Those of my six loyal readers who know me in Facebook know that I’ve developed a mild addiction to Scrabulous. I won’t even try to type the words “I can quit anytime I want” with a straight face.
So, I’m more than a little hacked off that Hasbro is suing to ruin the fun that I’m enjoying along with 2.3 million other people.
Is this what innovation has come to in this country? Do corporations just wait for someone to advance their product where they should have and then sue the crap out of the innovators to hassle them into shutting down what so many millions enjoy–and wish that the corporation had done to begin with? Well, if we’re thinking of the music industry, and if you’re thinking that they would try to obfuscate their avarice by hiding in the cloak of an anti-terrorism law, the answer is yes. And if you think they’re not still trying to spy on you, you’re not paying attention.
I shouldn’t be so surprised. Corporations argued that seat belts would cut us all in half rather than save lives, until an Air Force doctor used a rocket sled to prove that seat belts worked even when the person they were restraining was pressing against them with up to 45 times the force of gravity. Corporations–specifically the Ford Motor Company–have argued that it’s cheaper to let people burn to death than to make safe products. Car companies have also argued that there was no way to install airbags in cars–too expensive, nobody wants them, blah, blah, blah. (Now that they realize, of course, that people want them, they can’t get enough of the things into cars. I think all of the cup holders in our car have their own airbag.)
U.S. car companies have also argued that there’s no way they can raise fuel efficiency of cars they make in the U.S., while they seem to have no problem making cars that meet Europe’s continually more stringent mileage requirements. And while they’re spending piles of money on lobbyists who fight against cleaner air, lower consumer costs and improved national security, all of which higher gas mileage would get us, they’re losing piles of money to companies who are making cars we actually want to buy.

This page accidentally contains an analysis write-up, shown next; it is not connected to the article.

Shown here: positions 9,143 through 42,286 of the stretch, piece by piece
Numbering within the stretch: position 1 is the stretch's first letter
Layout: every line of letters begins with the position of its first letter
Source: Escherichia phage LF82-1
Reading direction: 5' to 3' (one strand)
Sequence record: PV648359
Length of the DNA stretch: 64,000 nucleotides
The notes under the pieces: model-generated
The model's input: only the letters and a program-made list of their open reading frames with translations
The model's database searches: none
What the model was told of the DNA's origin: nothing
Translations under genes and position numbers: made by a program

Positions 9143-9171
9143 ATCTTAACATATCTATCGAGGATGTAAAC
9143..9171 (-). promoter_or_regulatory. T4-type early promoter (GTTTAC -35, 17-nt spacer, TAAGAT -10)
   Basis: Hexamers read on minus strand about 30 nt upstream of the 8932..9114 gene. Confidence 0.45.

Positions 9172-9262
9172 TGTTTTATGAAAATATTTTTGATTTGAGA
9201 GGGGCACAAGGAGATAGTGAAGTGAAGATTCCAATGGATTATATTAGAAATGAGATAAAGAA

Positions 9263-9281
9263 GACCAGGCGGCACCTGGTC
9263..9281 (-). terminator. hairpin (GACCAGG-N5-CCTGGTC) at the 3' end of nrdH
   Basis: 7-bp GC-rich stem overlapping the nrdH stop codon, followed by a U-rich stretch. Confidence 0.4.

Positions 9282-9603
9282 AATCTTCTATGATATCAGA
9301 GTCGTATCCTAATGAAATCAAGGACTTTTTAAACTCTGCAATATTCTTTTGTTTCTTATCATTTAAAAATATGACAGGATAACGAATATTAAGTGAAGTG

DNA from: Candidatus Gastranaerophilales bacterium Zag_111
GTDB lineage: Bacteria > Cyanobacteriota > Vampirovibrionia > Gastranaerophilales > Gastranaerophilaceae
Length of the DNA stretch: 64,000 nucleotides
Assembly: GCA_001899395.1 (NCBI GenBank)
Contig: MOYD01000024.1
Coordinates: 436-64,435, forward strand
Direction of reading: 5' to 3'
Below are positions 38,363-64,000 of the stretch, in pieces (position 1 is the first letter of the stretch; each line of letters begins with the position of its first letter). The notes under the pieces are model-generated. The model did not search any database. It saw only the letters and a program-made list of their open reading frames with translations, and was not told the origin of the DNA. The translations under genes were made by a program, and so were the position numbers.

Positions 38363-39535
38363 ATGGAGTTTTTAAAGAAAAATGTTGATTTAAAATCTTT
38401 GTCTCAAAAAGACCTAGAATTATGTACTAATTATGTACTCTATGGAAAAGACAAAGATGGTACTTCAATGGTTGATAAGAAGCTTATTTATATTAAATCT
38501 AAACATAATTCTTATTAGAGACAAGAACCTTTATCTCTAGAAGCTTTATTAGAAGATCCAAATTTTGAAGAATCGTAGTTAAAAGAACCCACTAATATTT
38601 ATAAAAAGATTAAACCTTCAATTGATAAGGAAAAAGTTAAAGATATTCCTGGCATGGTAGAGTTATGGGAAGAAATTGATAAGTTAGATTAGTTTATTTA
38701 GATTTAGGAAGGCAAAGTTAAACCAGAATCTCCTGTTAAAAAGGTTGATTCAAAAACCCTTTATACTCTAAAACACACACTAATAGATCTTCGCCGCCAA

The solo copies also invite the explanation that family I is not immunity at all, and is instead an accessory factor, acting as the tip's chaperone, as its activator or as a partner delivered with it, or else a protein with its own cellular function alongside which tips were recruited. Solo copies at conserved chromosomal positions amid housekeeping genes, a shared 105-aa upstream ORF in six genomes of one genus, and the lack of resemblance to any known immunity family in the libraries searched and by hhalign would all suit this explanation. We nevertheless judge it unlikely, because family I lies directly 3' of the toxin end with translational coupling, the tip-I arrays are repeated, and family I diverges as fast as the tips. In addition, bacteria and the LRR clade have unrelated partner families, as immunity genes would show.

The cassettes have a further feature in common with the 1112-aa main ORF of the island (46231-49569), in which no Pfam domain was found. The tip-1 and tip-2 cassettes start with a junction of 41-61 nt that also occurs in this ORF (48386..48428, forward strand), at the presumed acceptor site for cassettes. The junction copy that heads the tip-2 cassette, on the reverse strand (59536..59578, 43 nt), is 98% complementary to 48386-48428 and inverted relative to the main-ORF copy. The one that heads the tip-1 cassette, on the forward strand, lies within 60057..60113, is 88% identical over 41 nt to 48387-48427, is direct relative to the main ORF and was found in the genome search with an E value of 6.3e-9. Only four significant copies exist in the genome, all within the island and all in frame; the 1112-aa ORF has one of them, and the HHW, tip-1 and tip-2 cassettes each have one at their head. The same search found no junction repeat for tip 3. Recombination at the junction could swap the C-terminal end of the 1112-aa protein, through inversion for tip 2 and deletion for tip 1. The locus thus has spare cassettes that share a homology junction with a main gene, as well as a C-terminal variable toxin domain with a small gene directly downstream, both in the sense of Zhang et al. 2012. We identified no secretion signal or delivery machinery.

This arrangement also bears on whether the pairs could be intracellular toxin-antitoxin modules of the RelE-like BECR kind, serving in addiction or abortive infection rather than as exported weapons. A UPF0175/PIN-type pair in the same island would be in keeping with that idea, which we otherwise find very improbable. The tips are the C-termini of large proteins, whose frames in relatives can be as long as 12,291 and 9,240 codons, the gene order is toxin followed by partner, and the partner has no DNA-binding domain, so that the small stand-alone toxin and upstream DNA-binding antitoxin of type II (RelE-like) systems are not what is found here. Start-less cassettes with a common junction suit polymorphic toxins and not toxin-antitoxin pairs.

Then again, we have a president and his vice whose pockets have been filled by the oil companies and so agrees with the car companies that making more efficient cars is impossible and a vice president Dick who refuses to open emails from government agencies–how 1st grade playground petty is that?–because he doesn’t want us to know that pollution is killing us.
Impossible? I don’t mean to get all jingoistic, but ferchrissakes, this is the United States of America. What do you mean, we can’t do that? What we do best is innovate. Unfortunately, with Uncurious George as president, exploration, science, creativity and our can-do spirit have suffered. (Seeing as how McCain doesn’t even support educational benefits for veterans, this failure to inspire the American spirit would continue, should we have to suffer through four years of a McCain administration.)
And now, Hasbro is taking that to the next level–killing our fun. How about this, Hasbro? Why not fire a lawyer or two, which should give you enough money to hire 100 or so game developers to develop a game we like, rather than a lawsuit that offends us and makes us all choose to stop playing any of your games?